The Omnivore’s Dilemma

omnivores dilemma

The Omnivore’s Dilemma: A Natural History of Four Meals is a nonfiction book by Michael Pollan published in 2006.

As omnivores – the most unselective eaters – humans are faced with a wide variety of food choices, resulting in a dilemma. Pollan investigates industrial food, organic food, and foraged food.

Pollan begins with an exploration of the food-production system from which the vast majority of American meals are derived. This industrial food chain is largely based on corn, whether it is eaten directly, fed to livestock, or processed into chemicals such as glucose, often in the form of high-fructose corn syrup, and ethanol. Pollan discusses how the corn plant came to dominate the American diet through a combination of biological, cultural, and political factors.

The following section delves into the principles of organic farming and their various implementations in modern America. Pollan shows that, while organic food has grown in popularity, its producers have adopted many of the methods of industrial agriculture, losing sight of the organic movement’s anti-industrial roots. A meal prepared from ingredients purchased at Whole Foods Market represents this food chain at the table.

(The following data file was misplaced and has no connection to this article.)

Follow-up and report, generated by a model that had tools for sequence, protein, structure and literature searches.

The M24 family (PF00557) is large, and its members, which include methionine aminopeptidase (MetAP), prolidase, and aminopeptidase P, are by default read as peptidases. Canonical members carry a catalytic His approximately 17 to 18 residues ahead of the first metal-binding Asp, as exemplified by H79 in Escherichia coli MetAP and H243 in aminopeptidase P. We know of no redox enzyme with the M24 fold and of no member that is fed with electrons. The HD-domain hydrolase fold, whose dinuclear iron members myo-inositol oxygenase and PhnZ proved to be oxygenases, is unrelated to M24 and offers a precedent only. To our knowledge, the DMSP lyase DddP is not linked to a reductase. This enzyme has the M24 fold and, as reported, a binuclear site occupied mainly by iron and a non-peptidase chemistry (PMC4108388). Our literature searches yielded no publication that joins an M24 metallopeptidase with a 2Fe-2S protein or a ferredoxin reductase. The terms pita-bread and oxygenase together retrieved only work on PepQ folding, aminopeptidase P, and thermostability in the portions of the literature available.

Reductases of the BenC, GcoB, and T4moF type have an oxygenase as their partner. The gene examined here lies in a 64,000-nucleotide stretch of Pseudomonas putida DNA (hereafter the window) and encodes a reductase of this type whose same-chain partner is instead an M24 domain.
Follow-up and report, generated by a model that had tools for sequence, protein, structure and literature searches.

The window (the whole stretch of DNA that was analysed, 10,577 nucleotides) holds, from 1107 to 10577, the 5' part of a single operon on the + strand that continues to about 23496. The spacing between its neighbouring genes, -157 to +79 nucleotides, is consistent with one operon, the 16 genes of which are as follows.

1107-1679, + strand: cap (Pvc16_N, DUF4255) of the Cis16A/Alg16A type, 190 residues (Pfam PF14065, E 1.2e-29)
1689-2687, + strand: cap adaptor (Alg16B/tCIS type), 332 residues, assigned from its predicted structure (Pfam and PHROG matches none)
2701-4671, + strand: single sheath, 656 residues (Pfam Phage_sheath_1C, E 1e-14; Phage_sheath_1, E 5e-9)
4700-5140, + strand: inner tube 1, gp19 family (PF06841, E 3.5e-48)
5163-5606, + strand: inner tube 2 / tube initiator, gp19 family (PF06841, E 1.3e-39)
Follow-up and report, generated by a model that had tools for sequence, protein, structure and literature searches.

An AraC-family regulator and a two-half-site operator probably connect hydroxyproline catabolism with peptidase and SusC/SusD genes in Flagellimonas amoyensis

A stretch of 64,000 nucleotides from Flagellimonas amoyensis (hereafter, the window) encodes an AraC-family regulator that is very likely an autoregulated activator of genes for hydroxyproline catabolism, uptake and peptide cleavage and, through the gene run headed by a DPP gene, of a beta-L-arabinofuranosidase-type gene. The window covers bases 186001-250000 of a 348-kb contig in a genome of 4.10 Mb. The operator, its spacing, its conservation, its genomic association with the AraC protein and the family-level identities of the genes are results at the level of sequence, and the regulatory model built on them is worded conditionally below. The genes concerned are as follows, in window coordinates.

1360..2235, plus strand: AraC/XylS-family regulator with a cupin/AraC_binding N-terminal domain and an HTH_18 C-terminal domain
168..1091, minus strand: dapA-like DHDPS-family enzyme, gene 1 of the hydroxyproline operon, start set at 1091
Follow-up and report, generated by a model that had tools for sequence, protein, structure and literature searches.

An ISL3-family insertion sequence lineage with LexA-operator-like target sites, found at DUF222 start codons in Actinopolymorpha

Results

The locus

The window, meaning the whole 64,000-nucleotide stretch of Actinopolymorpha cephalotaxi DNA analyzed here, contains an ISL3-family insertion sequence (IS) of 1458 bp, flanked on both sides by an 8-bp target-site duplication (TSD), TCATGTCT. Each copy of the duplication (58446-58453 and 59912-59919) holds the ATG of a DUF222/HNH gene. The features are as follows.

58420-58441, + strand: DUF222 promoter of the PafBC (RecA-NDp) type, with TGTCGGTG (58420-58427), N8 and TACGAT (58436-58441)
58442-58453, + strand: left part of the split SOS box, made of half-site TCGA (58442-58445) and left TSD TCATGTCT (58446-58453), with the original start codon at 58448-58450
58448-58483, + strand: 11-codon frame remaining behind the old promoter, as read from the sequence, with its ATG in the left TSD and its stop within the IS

The final section finds Pollan attempting to prepare a meal using only ingredients he has hunted, gathered, or grown himself. He recruits assistance from local foodies, who teach him to hunt feral pigs, gather wild mushrooms, and search for abalone. He also makes a salad of greens from his own garden, bakes sourdough bread using wild yeast, and prepares a dessert from cherries picked in his neighborhood. Pollan concludes that the fast food meal and the hunter-gather meal are ‘equally unreal and equally unsustainable.’

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